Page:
Ending The Violence Is Our - Collective - Responsibility

Ending The Violence Is Our - Collective - Responsibility
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In the wake of a tragedy like the Pulse nightclub shooting in Orlando or the terror attack in Turkey or the recent executions of two black men by police in America, it can be tempting to bunker down into an “us” vs. “them” mentality - no matter who the “us” or “them” is.

Maybe you’re a member of the LGBTQ community that felt victimized by the Pulse attack and the horrific, hateful rhetoric from certain groups in the days after. Maybe you, like me, have a huge problem with the gun culture in the U.S. and couldn’t stand seeing “Pro-NRA” posts following the shooting. Maybe you’re from Turkey, and you felt saddened by the level of support given to your citizens after the Istanbul attack, and angry that it didn’t seem to matter as much as tragic events in the States.

So, you put up a rainbow flag on Facebook, you post an image calling on Congress to change their gun control policies on Instagram, or you tweet an article asking for support for Turkey.

After all, we all have our “causes.” Some of us are strong proponents of women’s rights, some of us are vegans, some of us fight against systemic racism. It’s almost reflexive to stay entrenched within our “cause” mentalities after defining national events. We’re told change can’t happen without focus, so we choose to stay focused on our individual causes.

And we need to stop.

We shouldn’t be standing up to violence against the LGBTQ community because we’re gay...and then staying silent on all other causes. We shouldn’t be standing up to violence against the the black community because we’re black... and not speaking up when a violent attack happens on another group. And we certainly shouldn’t be standing up to violence against American citizens because we were born in the States and not find ourselves just as involved for international events.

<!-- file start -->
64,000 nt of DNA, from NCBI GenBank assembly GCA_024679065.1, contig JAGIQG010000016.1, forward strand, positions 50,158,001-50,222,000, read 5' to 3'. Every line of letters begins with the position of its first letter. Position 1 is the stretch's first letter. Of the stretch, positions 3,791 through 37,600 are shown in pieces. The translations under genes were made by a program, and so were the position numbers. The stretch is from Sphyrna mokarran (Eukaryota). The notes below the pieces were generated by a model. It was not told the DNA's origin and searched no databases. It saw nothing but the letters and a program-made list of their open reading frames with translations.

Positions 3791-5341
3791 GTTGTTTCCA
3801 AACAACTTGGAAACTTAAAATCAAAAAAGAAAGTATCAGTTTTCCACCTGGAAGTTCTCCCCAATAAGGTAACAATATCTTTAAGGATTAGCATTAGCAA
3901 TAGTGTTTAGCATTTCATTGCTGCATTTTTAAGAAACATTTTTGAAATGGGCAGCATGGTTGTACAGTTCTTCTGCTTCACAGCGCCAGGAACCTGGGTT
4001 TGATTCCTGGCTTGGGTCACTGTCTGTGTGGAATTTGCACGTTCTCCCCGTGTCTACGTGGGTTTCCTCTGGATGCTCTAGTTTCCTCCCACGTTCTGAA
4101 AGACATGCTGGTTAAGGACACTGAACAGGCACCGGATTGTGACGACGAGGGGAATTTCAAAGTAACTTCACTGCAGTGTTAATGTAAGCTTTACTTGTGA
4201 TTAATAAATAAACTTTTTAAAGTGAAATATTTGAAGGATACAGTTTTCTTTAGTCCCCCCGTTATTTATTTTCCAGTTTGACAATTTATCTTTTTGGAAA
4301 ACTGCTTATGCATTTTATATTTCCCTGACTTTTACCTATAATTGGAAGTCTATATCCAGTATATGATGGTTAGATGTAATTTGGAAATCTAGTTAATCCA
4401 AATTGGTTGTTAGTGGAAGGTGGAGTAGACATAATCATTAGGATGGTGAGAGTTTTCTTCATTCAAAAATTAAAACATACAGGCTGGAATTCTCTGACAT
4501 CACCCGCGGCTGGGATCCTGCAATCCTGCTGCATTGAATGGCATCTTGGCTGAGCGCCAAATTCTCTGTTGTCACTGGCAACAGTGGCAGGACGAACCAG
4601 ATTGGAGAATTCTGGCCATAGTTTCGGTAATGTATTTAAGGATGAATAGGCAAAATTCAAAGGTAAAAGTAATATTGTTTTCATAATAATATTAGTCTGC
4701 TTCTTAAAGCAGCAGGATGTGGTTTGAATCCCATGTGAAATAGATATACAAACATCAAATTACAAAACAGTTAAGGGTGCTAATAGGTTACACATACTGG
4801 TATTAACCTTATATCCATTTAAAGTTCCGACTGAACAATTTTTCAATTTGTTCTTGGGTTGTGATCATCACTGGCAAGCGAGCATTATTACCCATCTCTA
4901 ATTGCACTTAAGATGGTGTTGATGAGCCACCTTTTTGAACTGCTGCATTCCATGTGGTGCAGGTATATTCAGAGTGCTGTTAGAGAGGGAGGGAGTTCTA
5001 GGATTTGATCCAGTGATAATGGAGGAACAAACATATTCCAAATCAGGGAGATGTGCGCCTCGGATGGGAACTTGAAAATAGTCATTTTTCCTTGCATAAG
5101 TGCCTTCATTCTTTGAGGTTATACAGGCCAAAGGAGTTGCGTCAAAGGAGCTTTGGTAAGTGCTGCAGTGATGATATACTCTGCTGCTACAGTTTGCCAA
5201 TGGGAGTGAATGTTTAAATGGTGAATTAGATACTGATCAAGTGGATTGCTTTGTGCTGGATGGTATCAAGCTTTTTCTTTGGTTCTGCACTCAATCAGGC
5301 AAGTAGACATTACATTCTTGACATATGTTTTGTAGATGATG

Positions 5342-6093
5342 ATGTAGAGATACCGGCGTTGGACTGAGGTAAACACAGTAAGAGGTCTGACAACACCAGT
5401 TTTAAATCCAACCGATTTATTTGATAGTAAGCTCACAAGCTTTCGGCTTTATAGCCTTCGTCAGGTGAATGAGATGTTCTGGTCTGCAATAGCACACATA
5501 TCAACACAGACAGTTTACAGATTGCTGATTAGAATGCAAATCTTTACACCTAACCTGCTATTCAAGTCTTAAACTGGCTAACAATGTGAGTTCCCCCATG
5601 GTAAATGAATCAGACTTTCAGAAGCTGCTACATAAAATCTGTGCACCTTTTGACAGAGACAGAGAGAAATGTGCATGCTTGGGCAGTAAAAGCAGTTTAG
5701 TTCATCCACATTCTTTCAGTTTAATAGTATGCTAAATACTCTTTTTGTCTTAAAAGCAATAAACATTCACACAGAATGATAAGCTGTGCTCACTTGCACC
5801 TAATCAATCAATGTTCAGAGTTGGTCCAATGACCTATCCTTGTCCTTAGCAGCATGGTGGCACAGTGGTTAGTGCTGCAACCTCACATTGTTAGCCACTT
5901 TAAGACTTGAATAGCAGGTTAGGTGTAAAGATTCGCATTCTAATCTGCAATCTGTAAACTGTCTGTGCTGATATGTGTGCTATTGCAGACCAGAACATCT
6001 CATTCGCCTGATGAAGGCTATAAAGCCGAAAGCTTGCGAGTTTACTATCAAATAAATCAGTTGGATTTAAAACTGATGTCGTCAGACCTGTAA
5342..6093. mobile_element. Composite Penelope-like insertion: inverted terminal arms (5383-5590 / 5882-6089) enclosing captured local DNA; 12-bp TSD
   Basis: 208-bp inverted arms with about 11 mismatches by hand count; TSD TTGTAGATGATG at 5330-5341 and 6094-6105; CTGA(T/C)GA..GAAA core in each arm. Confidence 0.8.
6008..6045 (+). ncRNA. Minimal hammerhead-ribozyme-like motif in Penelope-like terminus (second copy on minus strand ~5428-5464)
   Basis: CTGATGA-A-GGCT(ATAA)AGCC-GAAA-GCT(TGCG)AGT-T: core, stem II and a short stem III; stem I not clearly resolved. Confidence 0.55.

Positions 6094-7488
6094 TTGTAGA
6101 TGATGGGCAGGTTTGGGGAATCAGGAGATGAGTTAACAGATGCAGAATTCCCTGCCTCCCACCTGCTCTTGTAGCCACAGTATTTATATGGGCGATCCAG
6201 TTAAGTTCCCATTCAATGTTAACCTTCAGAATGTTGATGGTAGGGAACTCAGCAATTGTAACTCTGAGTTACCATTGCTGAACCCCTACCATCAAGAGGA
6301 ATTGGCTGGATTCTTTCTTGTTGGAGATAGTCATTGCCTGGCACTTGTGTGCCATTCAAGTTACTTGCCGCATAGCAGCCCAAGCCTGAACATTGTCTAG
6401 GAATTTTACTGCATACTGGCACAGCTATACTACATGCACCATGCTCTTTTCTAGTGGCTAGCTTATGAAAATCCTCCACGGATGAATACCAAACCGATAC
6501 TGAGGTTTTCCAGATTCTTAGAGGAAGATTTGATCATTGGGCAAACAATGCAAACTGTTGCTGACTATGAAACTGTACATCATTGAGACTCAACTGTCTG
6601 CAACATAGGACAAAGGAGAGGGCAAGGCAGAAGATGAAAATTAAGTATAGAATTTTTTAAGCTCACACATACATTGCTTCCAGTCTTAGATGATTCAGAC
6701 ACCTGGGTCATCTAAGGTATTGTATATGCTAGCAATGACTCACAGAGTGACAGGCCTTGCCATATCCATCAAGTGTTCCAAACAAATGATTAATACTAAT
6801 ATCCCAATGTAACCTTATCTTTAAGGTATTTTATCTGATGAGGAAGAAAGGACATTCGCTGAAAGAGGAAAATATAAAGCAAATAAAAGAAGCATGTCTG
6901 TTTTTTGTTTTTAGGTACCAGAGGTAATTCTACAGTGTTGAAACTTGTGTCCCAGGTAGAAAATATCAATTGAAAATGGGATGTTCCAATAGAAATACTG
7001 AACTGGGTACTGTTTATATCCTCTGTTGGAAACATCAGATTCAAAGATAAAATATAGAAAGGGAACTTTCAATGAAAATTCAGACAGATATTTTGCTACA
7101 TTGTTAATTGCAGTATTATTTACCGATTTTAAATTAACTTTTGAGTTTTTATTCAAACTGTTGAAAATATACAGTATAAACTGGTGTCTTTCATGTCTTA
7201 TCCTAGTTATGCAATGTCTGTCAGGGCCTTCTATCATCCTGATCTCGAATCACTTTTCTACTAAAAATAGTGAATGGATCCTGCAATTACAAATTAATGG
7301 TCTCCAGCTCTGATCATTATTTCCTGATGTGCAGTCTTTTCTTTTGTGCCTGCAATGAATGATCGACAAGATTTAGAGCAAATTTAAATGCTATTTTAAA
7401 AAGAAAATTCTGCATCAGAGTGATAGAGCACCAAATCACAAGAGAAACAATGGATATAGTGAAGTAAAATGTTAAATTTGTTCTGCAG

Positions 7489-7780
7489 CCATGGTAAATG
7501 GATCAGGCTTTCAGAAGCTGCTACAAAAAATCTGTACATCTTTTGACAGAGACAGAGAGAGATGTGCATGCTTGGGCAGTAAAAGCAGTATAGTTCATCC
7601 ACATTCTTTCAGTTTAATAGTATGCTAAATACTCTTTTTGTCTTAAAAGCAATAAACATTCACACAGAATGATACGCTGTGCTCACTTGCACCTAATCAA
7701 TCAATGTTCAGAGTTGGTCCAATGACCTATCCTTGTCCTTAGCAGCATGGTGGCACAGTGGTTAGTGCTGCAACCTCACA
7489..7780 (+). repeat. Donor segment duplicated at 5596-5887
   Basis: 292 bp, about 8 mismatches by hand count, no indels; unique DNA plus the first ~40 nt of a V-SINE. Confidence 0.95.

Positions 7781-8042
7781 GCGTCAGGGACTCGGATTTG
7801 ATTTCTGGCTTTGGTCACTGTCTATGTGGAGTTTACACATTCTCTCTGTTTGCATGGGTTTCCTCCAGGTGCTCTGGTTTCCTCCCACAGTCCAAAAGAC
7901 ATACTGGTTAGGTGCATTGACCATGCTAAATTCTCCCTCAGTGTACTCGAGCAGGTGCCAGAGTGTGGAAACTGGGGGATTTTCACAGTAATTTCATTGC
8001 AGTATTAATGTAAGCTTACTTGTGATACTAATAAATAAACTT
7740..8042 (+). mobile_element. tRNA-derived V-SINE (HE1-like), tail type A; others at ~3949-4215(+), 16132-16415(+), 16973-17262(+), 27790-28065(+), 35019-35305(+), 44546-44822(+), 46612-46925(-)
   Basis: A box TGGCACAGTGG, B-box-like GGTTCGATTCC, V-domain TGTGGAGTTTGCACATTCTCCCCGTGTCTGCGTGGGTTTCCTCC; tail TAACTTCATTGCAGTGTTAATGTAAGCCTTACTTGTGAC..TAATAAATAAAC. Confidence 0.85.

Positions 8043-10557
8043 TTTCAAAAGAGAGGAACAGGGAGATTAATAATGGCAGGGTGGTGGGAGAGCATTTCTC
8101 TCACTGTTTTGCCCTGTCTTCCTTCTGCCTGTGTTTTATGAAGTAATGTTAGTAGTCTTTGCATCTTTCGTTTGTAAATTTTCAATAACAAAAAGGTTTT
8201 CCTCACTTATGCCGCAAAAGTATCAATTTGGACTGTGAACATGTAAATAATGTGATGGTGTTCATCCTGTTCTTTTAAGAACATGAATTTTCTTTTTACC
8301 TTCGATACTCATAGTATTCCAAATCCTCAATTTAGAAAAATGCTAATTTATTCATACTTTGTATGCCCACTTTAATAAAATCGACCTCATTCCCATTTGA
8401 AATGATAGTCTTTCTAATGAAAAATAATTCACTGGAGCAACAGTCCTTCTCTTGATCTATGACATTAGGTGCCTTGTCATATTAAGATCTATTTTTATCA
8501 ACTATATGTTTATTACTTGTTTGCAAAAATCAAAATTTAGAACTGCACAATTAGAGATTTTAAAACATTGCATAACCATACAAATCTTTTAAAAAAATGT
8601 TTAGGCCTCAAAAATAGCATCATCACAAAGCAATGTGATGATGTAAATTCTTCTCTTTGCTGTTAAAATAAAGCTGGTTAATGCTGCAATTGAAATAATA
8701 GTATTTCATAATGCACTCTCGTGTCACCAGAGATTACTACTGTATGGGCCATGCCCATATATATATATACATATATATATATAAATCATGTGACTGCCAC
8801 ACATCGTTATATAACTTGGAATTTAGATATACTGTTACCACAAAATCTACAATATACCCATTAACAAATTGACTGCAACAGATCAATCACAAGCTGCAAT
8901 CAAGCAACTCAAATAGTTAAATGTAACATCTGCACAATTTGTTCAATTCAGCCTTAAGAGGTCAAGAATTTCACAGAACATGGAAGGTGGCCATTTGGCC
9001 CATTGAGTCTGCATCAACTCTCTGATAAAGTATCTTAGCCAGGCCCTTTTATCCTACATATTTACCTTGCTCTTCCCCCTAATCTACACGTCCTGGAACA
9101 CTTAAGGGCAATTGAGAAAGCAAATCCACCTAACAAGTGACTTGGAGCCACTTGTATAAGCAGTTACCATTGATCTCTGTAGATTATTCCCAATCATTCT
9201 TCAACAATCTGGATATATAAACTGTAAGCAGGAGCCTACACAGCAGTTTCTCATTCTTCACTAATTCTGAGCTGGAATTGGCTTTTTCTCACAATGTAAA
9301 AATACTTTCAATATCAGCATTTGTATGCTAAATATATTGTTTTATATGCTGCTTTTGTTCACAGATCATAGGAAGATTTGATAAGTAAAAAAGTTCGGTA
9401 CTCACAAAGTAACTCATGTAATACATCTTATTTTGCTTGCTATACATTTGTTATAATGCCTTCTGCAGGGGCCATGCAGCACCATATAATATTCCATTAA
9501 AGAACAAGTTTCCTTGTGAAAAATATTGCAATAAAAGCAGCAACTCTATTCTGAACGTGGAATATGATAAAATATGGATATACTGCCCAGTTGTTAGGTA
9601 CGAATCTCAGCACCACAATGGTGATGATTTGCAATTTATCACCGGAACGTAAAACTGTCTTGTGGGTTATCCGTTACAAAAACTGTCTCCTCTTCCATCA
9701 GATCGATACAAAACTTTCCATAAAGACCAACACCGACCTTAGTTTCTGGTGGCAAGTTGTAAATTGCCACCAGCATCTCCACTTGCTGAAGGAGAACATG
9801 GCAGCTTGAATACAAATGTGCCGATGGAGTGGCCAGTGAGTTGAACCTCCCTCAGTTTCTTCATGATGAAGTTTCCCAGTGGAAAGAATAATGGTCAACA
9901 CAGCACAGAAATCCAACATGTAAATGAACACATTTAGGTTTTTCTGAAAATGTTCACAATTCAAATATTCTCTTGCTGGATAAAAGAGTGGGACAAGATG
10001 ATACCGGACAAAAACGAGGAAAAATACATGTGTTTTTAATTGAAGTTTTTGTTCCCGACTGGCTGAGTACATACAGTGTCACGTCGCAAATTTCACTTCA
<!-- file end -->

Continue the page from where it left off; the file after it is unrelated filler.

We should be standing up to violence against everyone because violence - killing, hatred of any kind - is unacceptable.

Too often, I’ve seen posts from friends on social media stating their plans to block certain of their contacts because of hateful comments posted after a tragic event. I have been lucky enough not to be put in this position - the majority of my contacts on social media are people I feel proud to know.

That said, I wish I saw more of my white friends posting #BlackLivesMatter just as they posted #OrlandoStrong. I wish I saw more of my black friends posting #OrlandoStrong just as they are posting #BlackLivesMatter. I wish I saw more American friends acknowledging and supporting - if even from afar - the citizens of another nation when they are under attack.

We need to stop being impressed when a straight person supports the gay community, or when a white person supports the black community - because not being a member of a certain group, but still recognizing and supporting the right of that group to love, and live, and be who they are without fear of violence isn’t impressive, it’s the right thing to do.

More than all of that, I wish I saw more people truly getting involved instead of armchair social media activism. I love the #BlackLivesMatter hashtag, and I love that social media has become a way to call attention to issues we may have remained silent on in the past. But please, get political - contact your local government and police station and demand information about concrete actions to avoid events like this from happening in your city. Donate money or time to the families of victims.

And talk to people - don’t be the ignorant person subjugating the black lives matter movement or the gay rights movement because you can’t stop obnoxiously posting #AllLivesMatter. And don’t let your family, friends and loved ones be that person - it’s time to stop making excuses for systemic hatred.

And it’s time to start realizing it’s not our goodwill to speak out against violence of all kinds - it’s our responsibility.

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